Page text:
So I’m entering 2016 on less stable footing than I anticipated (Saturn’s Return!), but part of me is just going to surrender to it, and see where it takes me. Maybe this is what I finally need to finish my novel after all? Maybe I need to get comfortable with my discomfort and panic to find out what I really want to do. I have no idea what 2016 will bring me (besides a trip to Paris in March and Spain in April) but I hope you’ll stick around for the ride. I’m so lucky to have you kiddos, and I promise to be more attentive around here!
Have a wonderful New Year.
December 31, 2015 / life / dog /
[Disclaimer: I am going to use the word ‘pregnant’ in this post. This in no way means I am pregnant, thinking about becoming pregnant, or wanting to become pregnant. Mom.]
You know that instinct that surges in pregnant women called ‘nesting’? Where they wake up one morning and decide to spruce everything up like little happy birds, clean out every nook and cranny, and make sure everything is just so for the impending arrival of new life? Is there an equivalent instinct in non-pregnant women? I suppose we could call it “purging” or “decluttering,” or, following the current trend sweeping across social media, the “KonMari Method,” from the book “The Life-Changing Magic of Tidying Up.” Growing up, my mom simply called it, “throwing shit away,” and if you need a book to tell you how to do that, I feel bad for you son. I got 99 problems but clutter ain’t one.
Though, recently, I’ve noticed that it kind of is a problem. I woke up one morning with the (admittedly totally-batshit-insane) thought that, “If we had to move to Paris today, we would have too much shit to bring with us, we couldn’t do it, how would it all fit on a shipping crate?” I looked around, and felt smothered. My house suddenly felt like a mix of the Collyer Brothers brownstone and Grey Gardens. Who needs this many DVDs anymore? Why do we have three mostly-empty bottles of shaving cream under the sink next to cough syrup that expired in 2014? Where did all of this stuff come from? How do I get rid of it??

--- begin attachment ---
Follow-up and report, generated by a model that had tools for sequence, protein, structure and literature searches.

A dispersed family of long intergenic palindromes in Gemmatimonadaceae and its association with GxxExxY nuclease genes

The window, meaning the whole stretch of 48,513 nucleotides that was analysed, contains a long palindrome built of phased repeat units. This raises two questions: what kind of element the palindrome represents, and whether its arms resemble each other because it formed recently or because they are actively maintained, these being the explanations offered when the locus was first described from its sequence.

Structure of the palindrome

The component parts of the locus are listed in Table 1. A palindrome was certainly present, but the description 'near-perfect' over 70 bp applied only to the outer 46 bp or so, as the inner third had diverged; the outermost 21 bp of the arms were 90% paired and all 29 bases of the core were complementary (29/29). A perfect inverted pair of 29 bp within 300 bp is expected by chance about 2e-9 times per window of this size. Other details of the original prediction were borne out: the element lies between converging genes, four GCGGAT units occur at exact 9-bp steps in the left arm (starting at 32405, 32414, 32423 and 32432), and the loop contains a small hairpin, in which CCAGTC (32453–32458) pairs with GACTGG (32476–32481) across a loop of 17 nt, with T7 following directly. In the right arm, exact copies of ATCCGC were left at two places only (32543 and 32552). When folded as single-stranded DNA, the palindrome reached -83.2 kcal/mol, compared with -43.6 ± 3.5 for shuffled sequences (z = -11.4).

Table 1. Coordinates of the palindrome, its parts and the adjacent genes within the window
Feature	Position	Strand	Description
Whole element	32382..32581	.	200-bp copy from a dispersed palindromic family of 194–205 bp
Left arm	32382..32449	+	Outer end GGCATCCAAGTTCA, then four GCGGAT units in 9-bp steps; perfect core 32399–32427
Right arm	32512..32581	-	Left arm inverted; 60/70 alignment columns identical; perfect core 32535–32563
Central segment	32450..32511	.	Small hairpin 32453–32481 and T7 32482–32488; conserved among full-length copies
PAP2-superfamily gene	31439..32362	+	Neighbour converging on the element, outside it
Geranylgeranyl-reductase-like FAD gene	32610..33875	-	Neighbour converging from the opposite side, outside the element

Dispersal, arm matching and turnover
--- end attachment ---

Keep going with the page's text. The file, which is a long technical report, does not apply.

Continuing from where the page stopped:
So the past week has found me decluttering and non-nesting like a fiend. On Monday night, I had the totally normal urge to pull the stove out from the wall and vacuum behind it, as well as wipe down the sides. I’ve boxed up a ton of kitchen stuff (tiny coffee maker we bought at Walgreens but have never used? Buh-bye!) to take to a donation center, threw away a handful of old kitchen utensils (gross spatula in the back of the drawer that had partially melted? See ya!), tossed a Vanity Fair from 2003 I’ve been holding on to (I love JFK Jr. and Carolyn as much as the next person, but saving a 12 year old magazine isn’t doing anybody any good) and took a stack of DVDs to sell at FYE. I made a paltry $8, but it isn’t even about the money. I just don’t want it in my house anymore. I took some old purses and nicer clothes to a consignment store, and have another round ready to go next week. All those tiny samples I’ve accumulated from Sephora and Macy’s that I’ve never used? Gone. All those comfortable old underwear we keep even though the elastic is stretched or they’re starting to rip? (Admit it, you have these, too) Trash. Books? Books are proving harder to part with than I expected, but I have a small stack to take to a used bookstore, and my fiend Jess took a few, too. Borrowing books from the library has been an enormous help, too.
Am I alone in this? Is this just spring cleaning a season early? I wonder if there’s not some larger cultural shift, where, because we’re so digital these days (does anyone print photographs anymore? Or are they all stored on your hard drive?), it’s spilling over into other parts of my life, too.
And now if you’ll excuse me, I have some more closets to go purge.
November 4, 2015 / life / dog /
Well, that was a week-long blog vacation I didn’t intend on taking, and the first absence I’ve had when I wasn’t swooning around on vacation. It’s funny, I never knew how much I needed this blog until I suddenly…didn’t. For four years, this blog was my creative outlet, a respite from the grinding unhappiness of a day job that left me unfulfilled. I needed it, because I needed a balance, and at the peak of my blogging I was posting five times a week (!! five! What on earth did I write about??). Then it went down to three. And in the three months since I left my job, I’m lucky if I can manage to crank out one measly post a week. Isn’t it strange that now that I have more time on my hands, I somehow have less time to blog? My days are filled with writing, and food-styling, and studying for my real estate license (and exercising my domesticity/ perfecting my housewife status). When I am happy in my day-to-day, I turn less and less to the internet, this blog, my Pinterest boards, and other aspirational escapes. I haven’t been tending to my blog because I haven’t needed it to stay afloat, to keep my head above water. But that doesn’t mean I don’t still owe this space (and you guys!) some attention, because of course I do. I just need to find a different balance than what I had for so long, and I promise I’ll do that without abandoning it for days at a time. Pinky promise, kiddos!
Here’s a little update of what’s been going on behind the scenes:
I miss you guys! How the hell are you?
October 5, 2015 / life / dog /